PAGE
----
In my last tv/film class, we went down the line for the answer to the question:
“What are you hoping from today’s performance?”
The answers varied,
“I hope I bring truth to my performance.”
“I hope I remember my lines.”
“I hope I’m convincing.”
So here is one idea on how the brain works. It has a five sensory active picture, a thought, it tries to convey through language, either through the body, or verbal language. But what kind of picture/thought is Hope? Hope is a dream, a desire, an unsolid thing, liquid. It covers a lot of ground. Hoping is a (we think) positive throwing of the hands up in the air and seeing what happens. But it’s not firm, it has no backbone, and is 50/50. If you ever invite someone to your party, and their response is “Oh yeah! I hope to make it!” give their invite to someone else, you’ll never see them. They don’t have the SPECIFIC pictures/thoughts of showing up, ringing that doorbell, holding that bottle of wine they took time to pick out, that door opening, the lighting up of the face, HEY!, in they go.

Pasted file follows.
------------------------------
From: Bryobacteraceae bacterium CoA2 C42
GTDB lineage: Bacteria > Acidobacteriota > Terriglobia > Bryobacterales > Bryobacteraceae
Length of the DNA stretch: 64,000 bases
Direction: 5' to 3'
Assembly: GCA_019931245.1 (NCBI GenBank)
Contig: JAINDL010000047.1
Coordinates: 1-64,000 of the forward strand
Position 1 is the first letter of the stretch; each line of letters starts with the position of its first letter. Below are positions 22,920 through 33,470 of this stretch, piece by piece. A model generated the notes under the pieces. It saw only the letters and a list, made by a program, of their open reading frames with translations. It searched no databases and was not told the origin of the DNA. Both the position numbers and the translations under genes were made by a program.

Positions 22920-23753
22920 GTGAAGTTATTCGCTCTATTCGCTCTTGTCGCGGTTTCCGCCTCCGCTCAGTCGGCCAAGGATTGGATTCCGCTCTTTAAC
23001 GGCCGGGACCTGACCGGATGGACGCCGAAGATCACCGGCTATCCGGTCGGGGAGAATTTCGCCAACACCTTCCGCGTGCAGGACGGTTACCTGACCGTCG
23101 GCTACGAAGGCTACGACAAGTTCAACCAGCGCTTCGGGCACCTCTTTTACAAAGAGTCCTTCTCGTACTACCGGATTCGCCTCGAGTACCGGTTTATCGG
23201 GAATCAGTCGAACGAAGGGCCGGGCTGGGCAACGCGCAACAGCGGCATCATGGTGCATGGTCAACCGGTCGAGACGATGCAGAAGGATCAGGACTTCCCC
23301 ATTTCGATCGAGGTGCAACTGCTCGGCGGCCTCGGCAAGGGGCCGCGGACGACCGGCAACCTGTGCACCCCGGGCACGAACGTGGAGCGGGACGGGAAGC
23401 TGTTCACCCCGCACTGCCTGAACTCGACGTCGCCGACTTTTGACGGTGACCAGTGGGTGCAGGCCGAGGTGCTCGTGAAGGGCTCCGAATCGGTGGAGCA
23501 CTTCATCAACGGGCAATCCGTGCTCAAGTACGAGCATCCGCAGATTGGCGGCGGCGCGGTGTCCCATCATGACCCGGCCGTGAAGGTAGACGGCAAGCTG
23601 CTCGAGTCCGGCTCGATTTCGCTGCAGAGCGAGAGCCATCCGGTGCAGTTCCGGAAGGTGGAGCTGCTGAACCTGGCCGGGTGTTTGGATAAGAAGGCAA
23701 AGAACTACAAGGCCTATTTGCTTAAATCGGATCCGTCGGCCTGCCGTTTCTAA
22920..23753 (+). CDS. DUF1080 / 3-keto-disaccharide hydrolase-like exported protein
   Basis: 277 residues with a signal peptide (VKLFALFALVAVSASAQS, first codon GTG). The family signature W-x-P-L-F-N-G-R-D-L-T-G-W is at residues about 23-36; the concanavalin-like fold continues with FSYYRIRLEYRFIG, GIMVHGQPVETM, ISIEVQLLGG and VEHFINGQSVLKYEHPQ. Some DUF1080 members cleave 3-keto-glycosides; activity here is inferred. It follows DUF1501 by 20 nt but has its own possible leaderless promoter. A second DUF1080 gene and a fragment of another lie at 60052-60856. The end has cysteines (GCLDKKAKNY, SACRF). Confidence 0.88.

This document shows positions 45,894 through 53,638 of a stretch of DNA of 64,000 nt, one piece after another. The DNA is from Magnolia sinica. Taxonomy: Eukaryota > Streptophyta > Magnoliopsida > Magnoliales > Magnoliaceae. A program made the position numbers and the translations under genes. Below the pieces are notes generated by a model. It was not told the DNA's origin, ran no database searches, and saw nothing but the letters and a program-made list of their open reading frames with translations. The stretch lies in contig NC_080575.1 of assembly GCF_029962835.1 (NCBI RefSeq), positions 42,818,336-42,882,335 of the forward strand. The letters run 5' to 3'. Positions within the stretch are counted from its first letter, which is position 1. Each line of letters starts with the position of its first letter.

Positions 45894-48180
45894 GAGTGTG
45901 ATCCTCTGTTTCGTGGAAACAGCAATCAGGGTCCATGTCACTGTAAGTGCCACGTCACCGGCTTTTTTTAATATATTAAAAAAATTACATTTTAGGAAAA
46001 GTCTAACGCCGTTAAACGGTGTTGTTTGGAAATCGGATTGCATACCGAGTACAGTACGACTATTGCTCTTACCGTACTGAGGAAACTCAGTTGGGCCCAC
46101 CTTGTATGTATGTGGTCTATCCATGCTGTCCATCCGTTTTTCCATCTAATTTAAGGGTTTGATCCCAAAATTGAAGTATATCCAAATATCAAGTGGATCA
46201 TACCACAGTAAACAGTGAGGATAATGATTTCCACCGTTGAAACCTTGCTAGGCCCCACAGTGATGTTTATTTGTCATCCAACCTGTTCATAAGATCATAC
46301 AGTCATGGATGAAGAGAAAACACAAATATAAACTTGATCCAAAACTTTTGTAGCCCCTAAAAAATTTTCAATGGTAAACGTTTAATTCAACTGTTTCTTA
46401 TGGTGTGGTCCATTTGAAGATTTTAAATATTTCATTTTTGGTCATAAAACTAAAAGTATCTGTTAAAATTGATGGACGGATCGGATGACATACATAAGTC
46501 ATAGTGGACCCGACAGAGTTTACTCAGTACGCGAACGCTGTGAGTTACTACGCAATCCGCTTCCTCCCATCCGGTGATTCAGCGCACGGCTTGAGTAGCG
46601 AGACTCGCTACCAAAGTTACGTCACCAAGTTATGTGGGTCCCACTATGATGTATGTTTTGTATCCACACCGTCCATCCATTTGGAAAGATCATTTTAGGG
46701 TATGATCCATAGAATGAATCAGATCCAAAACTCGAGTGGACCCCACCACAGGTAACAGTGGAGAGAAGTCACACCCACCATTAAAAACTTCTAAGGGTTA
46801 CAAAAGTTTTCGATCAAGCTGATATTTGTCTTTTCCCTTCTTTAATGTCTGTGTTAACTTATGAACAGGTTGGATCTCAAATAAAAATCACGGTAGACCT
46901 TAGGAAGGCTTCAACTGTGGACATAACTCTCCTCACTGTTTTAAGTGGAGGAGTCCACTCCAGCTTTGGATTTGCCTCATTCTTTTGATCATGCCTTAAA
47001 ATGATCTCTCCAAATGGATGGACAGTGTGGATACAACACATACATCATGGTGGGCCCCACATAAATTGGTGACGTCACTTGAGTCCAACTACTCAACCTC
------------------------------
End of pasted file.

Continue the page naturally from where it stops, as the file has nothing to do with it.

It’s not that they don’t like you, in fact the opposite, they’re trying to convince you they’ll be there, because they do like you, but they’re not doing the work.
The audition room is no place for hope. The audition room is a place for work. The audition room is meant for solid thinking. I know who my character is, I know where I am, I know what I want, I come in service, I am in the moment in joy. Done. No wishy washy, no secret prayer you’ll get lucky, failure is a joke to be smirked at. Like the old pirate saying: Abandoned all hope ye who enter here. That’s your audition room. A place of joy, work and love. Do we see how all of the earlier answers to the question, what are you hoping will happen, was actually an unconscious belief that it WONT happen? Look to your hope. It’s where you need to work more on your script, your character, your setting, your audition mindset. Give up hope, there’s work to be done.